• By Dartington SRU
  • Posted on Wednesday 06th January, 2010

Politicians might do worse than get Better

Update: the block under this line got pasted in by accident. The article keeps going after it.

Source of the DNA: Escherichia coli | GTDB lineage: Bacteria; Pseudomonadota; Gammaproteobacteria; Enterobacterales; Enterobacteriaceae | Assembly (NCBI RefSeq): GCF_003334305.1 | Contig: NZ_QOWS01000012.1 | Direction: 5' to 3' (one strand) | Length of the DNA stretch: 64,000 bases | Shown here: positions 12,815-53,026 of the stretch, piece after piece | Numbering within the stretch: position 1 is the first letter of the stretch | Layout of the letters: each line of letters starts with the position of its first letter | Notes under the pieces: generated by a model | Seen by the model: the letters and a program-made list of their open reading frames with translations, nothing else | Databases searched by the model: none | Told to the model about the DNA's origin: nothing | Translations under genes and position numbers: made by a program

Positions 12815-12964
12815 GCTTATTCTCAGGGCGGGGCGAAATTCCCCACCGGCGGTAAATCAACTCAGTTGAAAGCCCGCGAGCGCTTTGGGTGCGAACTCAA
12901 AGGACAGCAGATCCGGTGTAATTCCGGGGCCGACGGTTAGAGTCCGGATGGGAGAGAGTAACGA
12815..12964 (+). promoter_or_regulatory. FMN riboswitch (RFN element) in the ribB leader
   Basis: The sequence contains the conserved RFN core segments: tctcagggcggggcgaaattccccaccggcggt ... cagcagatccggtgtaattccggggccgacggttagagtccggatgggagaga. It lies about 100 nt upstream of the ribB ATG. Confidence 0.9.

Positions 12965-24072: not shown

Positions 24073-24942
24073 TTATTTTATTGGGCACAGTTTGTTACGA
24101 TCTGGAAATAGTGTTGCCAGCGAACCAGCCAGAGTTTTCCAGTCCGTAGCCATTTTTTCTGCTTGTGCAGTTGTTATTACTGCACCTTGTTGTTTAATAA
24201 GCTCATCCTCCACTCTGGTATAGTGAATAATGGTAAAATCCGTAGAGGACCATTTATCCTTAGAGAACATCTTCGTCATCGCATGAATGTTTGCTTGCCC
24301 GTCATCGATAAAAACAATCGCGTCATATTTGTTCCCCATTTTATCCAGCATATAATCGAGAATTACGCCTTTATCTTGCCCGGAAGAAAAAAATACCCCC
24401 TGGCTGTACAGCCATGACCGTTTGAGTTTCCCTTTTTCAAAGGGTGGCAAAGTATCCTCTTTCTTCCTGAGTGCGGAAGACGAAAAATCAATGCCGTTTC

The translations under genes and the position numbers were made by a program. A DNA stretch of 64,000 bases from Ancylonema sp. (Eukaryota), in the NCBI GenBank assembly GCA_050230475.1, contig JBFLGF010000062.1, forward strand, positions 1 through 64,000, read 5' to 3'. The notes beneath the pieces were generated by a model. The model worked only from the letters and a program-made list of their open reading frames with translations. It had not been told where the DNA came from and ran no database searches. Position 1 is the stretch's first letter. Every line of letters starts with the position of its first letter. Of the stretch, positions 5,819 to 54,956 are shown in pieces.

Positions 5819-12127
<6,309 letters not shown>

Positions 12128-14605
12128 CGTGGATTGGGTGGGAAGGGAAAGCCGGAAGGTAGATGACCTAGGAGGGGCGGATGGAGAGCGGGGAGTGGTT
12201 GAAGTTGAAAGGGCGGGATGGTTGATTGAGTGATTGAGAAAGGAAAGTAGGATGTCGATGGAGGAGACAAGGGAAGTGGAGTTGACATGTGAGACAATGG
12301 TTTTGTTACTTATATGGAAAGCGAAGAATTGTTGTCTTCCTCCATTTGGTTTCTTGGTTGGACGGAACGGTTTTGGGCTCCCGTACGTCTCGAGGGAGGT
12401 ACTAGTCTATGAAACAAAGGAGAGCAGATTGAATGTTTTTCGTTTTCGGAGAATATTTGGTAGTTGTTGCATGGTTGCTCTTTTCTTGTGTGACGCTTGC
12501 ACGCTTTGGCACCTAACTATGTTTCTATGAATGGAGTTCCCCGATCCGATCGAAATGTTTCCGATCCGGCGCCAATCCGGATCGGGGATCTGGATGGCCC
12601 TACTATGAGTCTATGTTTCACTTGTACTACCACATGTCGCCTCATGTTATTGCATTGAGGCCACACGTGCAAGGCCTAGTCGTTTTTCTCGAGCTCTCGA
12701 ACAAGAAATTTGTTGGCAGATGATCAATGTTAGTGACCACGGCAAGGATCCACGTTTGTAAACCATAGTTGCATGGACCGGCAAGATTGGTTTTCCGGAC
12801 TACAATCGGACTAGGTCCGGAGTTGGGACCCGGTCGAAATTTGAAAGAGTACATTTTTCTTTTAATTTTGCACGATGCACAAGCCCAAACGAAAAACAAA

With a UK General Election in the offing, and education policy looking like becoming one of the campaign "footballs", York University's Institute for Effective Education is making a timely bid to be appointed referee.Under the directorship of American academic Robert Slavin, the Institute has consolidated a partnership between the UK research community and School of Education at John Hopkins University, Baltimore, where he is also director of the Centre for Research and Reform in Education.Slavin's Baltimore home is the birthplace of the online Best Evidence Encyclopedia or BEE, and both partners are involved in publishing the evidence-based education magazine Better, where analysis of the emerging politics of the British education is just published.No more so than in an election year, writes Better's UK editor, Jonathan Haslam, evidence-based policy runs the risk of being overtaken by policy-based evidence."Where politicians have deeply held beliefs about what is effective, it can be tempting to want to cherry pick the evidence that supports those beliefs,” he writes.The focus of his discussion is the promise by both major parties to allow school more autonomy, at the same time as making them more accountable locally. Haslam quotes Conservative opposition education spokesman Michael Gove. “We need to create a virtuous dynamic in education where parents in the state sector exercise the sort of power and control currently enjoyed by those in the private sector – so all children can have access to the excellence currently restricted to too few.”Haslam also points to a call from the Conservative party think-tank, the Centre for Policy Studies, for a "bonfire of the quangos" to do away, for example, with the QCDA (Qualifications and Curriculum Development Agency) and to give schools more control of the curriculum, training budgets, IT projects and salaries.After summarizing the equivalent Labour government white paper proposals to engineer “a significant devolution of power and responsibility to our school leaders, matched by strengthened school accountability” alongside protestations from both camps of a commitment to the principles of evidence-based education, Haslam goes on to ask:“Where is the evidence that these proposals will improve outcomes for children and to what extent will schools be able to use evidence-based education?”As an example of potential confusions to come, he considers Conservative confidence in the value of "setting" by ability in secondary schools – when Robert Slavin's best evidence synthesis has shown that it has no beneficial effect, and that in the "crucial" 11-14 age range, it is notably unproductive.“Delivering evidence-based policy is challenging for politicians,” Haslam observes. “If there is little evidence that a new idea is likely to be effective, it can take a long time for a study to provide that evidence, which somewhat dents the impact of an exciting initiative.” From his and Better's perspective, all tends to support the case for an independent agency with the capacity to digest all the available evidence. “If there is to be more local accountability, then schools need impartial information on the practices and programs that have been found to work.”No surprises as far as his recommendation is concerned: “The Institute for Effective Education is working with researchers, policymakers and practitioners to try and bring this about,” he says. “We want to provide a one-stop shop, where policymakers and practitioners can find out the evidence on particular questions, in order to guide their practice. This would provide an independent voice that could clarify where there is evidence of what works, and where there is none.”The latest edition of Better focuses on math teaching strategies and includes articles about the wider field of problem solving. The vexed subject of social and emotional learning comes next.

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